My favorite feature?  The weekly productivity email I get on Sunday.  Each week it shows me how productive I was, what I spent most of my time on and how my productivity compares with the week before.  It’s an easy way to see how much time I’ve spent on facebook, or other sites, and how much time I spent in Scrivener writing.

You can categorize your activities however you like, which is great!  If you actually use facebook for business on a regular basis, you can change its category to reflect that.

Momentum

Momentum is one of those awesome little extensions/apps you use so often you forget how helpful it is.  Momentum is replaces the new tab page with a dashboard you can personalize.  It includes: A place where you can put your focus for the day, a to do list, a place for your favorite links, the weather in your area, a beautiful background image and inspirational quotes.  

momentum

I don’t use the to do list as much, since I have my bullet journal for that, but the reminder of what my focus is helps me stay on track for the day.  The background images tend to be very breath-taking and inspirational for me as a writer.  It also helps you remember that you should be working, when you open that tab to check out what’s happening on Twitter.

Strict Workflow

I’ve written about the Pomodoro Technique before, where you work in 25 minute on/5 minute off productivity units.  Strict Workflow extension works with that template, except it works for your browser.  When you press the little red tomato at the top of your screen, it blocks distracting sites for 25 minutes, so you can work uninterrupted by your need to see what that friend from high school is doing.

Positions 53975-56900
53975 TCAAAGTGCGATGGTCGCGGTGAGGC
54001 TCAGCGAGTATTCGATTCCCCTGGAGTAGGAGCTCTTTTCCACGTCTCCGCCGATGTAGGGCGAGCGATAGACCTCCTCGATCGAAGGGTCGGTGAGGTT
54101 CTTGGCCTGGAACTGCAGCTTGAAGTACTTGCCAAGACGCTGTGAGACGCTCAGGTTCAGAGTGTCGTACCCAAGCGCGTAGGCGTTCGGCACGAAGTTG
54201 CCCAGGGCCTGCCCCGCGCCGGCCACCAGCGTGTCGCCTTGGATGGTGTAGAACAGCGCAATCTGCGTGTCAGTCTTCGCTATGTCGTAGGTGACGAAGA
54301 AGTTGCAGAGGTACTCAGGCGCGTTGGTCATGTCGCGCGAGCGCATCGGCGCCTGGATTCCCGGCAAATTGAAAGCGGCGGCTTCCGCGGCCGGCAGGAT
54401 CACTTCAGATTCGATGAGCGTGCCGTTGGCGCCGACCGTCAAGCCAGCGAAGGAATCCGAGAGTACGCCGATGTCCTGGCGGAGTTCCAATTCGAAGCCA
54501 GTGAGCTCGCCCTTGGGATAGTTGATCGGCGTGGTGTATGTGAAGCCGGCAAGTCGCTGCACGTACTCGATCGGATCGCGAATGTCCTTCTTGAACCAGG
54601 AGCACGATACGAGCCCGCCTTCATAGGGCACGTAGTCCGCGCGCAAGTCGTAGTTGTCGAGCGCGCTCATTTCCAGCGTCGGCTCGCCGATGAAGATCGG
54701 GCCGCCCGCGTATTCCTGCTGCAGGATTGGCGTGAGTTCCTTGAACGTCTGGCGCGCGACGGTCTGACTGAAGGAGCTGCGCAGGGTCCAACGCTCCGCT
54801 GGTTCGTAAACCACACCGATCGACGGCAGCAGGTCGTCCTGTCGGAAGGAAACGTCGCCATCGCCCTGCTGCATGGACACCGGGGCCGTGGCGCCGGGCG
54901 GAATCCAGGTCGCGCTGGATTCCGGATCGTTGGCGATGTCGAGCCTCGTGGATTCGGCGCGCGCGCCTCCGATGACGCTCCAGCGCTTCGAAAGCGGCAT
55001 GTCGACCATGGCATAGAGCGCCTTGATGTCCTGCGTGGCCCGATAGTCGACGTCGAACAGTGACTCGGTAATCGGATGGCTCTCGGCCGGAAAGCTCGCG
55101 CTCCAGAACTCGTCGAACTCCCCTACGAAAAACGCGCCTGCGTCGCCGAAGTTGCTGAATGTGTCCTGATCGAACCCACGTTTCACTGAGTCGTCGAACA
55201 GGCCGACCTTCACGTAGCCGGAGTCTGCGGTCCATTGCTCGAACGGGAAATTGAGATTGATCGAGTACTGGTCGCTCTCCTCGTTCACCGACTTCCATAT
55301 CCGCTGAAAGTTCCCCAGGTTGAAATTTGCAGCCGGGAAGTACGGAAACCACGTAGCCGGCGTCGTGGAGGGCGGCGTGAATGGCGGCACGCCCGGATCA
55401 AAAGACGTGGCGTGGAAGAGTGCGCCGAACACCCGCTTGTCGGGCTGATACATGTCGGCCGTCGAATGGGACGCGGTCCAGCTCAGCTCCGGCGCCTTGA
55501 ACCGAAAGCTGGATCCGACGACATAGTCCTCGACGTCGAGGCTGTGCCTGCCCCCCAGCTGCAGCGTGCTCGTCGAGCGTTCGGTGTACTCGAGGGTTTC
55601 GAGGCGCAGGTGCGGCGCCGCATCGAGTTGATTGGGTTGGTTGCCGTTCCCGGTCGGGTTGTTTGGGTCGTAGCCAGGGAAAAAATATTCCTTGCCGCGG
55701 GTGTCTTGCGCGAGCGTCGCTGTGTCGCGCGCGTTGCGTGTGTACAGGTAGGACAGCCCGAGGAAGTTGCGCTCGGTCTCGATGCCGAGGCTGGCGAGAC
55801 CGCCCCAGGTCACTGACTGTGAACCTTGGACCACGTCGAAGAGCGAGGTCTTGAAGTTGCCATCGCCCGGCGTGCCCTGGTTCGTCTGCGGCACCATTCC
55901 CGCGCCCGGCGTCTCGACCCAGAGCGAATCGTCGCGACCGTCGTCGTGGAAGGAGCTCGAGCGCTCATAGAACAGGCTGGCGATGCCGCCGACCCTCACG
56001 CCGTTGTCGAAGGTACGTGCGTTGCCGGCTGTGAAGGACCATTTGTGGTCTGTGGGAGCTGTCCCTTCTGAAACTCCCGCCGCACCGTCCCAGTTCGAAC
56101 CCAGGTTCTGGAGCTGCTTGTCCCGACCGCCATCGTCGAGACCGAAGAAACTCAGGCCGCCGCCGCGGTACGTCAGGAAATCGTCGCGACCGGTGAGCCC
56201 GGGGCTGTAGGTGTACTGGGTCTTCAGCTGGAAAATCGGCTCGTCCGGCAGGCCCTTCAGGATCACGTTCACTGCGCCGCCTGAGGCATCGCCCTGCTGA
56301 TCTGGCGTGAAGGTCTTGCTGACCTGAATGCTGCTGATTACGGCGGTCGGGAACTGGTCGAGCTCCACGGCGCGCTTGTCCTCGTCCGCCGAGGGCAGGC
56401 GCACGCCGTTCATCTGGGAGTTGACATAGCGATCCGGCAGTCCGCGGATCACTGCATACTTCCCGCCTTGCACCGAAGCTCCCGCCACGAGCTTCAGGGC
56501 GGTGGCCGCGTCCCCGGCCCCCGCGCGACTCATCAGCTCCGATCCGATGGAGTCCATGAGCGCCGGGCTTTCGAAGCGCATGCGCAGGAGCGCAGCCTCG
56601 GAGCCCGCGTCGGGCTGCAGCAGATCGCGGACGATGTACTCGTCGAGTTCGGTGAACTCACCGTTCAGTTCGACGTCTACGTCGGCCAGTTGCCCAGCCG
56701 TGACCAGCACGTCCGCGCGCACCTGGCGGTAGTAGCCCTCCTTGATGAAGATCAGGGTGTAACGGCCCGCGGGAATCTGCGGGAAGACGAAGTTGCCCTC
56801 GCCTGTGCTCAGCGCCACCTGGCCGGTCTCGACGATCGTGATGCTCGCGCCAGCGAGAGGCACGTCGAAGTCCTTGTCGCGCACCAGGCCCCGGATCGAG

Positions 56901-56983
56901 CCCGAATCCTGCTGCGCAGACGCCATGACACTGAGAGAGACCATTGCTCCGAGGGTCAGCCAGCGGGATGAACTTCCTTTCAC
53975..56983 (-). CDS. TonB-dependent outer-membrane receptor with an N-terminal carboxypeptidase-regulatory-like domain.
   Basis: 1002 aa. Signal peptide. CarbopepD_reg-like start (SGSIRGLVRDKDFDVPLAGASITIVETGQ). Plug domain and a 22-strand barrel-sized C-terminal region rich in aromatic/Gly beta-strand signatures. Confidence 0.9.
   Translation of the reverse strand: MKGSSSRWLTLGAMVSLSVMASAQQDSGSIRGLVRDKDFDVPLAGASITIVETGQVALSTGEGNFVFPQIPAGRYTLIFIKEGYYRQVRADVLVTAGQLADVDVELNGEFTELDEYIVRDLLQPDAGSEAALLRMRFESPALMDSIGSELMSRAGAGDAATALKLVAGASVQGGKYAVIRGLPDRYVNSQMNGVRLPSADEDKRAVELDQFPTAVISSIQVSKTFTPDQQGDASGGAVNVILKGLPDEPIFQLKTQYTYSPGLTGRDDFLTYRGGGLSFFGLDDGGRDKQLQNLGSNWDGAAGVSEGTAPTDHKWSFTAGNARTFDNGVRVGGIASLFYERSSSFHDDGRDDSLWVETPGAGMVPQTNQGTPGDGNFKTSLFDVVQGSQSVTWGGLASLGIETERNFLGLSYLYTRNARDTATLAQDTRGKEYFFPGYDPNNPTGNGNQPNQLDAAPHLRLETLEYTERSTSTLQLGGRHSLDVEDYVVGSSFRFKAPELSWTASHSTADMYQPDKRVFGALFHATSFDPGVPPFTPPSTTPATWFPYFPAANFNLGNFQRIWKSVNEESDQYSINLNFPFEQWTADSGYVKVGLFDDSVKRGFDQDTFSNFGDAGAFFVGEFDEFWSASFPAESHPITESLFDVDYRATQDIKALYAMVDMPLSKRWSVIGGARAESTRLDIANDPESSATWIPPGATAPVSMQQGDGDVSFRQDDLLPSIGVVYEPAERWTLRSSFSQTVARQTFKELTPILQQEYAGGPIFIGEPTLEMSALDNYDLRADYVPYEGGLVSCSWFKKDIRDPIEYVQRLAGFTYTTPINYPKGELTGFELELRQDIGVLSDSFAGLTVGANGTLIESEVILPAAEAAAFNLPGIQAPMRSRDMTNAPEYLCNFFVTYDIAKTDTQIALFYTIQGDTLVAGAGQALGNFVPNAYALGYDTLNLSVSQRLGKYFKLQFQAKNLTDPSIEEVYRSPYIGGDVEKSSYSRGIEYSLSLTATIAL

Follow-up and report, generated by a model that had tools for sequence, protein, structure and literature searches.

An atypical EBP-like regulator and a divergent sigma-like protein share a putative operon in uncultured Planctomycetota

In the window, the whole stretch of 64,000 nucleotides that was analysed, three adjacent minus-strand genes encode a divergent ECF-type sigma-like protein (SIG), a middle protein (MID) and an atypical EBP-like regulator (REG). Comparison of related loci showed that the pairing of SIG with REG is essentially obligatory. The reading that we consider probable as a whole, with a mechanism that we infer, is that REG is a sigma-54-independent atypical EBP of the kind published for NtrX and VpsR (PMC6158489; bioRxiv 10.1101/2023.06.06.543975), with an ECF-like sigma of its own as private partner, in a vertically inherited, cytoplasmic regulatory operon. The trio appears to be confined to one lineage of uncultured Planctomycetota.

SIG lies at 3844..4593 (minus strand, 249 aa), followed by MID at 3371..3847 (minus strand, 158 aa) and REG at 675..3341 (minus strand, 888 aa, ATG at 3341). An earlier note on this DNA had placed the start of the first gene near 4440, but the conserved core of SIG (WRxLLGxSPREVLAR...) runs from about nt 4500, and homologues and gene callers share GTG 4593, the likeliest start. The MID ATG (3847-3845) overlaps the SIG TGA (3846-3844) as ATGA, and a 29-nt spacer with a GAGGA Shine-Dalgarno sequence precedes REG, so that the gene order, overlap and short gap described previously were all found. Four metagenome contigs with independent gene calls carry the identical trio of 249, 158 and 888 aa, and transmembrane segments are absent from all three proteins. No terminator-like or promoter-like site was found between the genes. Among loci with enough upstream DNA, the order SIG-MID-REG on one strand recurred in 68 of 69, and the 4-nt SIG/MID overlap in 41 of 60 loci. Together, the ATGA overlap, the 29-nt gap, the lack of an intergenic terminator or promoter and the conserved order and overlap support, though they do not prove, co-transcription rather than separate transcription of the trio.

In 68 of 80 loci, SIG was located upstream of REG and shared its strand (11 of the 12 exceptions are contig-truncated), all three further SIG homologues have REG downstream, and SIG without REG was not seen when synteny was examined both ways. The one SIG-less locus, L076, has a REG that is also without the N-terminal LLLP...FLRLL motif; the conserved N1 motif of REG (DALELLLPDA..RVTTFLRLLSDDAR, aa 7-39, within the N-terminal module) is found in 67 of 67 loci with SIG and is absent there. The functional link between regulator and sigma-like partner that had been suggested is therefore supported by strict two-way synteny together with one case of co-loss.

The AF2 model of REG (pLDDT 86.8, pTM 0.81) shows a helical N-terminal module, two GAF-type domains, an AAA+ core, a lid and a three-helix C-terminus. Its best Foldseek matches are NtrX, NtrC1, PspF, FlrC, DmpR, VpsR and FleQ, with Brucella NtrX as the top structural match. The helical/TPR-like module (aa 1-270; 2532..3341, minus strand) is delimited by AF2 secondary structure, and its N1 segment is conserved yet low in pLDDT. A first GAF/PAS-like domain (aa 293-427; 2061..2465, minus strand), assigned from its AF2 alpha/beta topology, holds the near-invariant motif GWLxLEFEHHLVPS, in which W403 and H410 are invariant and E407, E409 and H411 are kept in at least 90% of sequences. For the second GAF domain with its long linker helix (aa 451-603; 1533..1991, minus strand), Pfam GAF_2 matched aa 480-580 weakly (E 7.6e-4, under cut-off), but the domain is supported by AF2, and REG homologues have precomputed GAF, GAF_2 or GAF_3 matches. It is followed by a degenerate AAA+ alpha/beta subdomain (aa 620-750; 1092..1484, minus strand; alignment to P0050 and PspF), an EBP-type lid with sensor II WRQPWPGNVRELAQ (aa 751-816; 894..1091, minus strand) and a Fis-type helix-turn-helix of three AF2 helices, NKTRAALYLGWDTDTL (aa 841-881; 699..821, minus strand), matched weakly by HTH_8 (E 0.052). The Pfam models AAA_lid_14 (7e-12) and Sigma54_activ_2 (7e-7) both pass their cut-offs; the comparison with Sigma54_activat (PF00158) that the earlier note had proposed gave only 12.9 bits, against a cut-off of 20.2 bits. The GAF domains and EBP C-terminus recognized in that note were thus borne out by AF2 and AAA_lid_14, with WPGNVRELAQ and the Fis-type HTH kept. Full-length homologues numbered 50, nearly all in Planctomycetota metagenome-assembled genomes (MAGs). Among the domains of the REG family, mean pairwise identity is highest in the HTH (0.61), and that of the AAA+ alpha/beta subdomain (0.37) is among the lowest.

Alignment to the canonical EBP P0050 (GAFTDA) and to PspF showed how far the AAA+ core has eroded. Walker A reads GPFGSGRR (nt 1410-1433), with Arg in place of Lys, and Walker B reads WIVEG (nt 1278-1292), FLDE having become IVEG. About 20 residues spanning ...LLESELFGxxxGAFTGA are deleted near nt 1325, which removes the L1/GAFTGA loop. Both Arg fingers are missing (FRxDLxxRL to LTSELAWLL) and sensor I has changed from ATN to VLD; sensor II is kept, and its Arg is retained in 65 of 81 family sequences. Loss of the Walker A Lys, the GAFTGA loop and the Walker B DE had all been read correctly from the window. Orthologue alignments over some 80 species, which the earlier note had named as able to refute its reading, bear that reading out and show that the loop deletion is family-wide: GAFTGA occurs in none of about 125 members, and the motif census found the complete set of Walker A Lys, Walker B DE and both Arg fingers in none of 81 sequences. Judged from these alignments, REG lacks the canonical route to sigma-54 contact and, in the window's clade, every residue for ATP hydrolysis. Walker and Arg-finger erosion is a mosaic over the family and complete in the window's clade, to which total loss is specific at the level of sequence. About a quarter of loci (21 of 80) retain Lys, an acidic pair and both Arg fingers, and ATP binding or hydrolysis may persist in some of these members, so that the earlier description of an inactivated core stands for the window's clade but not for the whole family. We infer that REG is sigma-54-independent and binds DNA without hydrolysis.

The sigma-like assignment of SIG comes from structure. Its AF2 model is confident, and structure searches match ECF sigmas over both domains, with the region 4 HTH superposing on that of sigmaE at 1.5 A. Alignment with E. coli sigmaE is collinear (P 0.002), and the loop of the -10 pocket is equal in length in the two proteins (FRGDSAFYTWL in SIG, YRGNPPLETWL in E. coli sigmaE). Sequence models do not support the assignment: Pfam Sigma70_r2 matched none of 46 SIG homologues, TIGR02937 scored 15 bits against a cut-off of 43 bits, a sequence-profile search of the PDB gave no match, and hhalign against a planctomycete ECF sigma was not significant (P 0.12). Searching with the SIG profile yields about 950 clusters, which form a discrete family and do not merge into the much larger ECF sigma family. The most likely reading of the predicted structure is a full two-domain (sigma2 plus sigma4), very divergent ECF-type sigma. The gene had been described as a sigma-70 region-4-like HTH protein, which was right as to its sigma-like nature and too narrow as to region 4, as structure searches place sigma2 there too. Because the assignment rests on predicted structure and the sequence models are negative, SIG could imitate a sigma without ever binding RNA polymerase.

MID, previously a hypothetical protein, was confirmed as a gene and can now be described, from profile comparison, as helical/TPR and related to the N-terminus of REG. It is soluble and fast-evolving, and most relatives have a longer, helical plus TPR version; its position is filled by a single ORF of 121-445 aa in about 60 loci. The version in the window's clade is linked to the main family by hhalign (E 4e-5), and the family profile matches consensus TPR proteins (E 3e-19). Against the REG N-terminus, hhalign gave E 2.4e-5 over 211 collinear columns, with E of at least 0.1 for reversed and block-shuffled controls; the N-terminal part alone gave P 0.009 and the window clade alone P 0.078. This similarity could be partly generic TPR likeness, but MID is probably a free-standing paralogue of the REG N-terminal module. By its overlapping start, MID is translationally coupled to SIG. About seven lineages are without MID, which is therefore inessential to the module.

What the 25 minutes is up you’ll hear an alarm go off, and you can then click the now green tomato for a 5 minute break.  You can surface facebook, tumblr and any of your other blocked sites for 5 minutes, then the alarm will ring again and you can again click the tomato to start another 25 minute work session.

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Be aware, once you install this extension the only way to see the sites you have blocked during that 25 minute work session is to uninstall the app.  You can also change which sites you have blocked and what amount of time you want to work/have a break.

 

Hopefully these help you!  Let me know what you’ve used to be more productive!  I’m always up for new tools.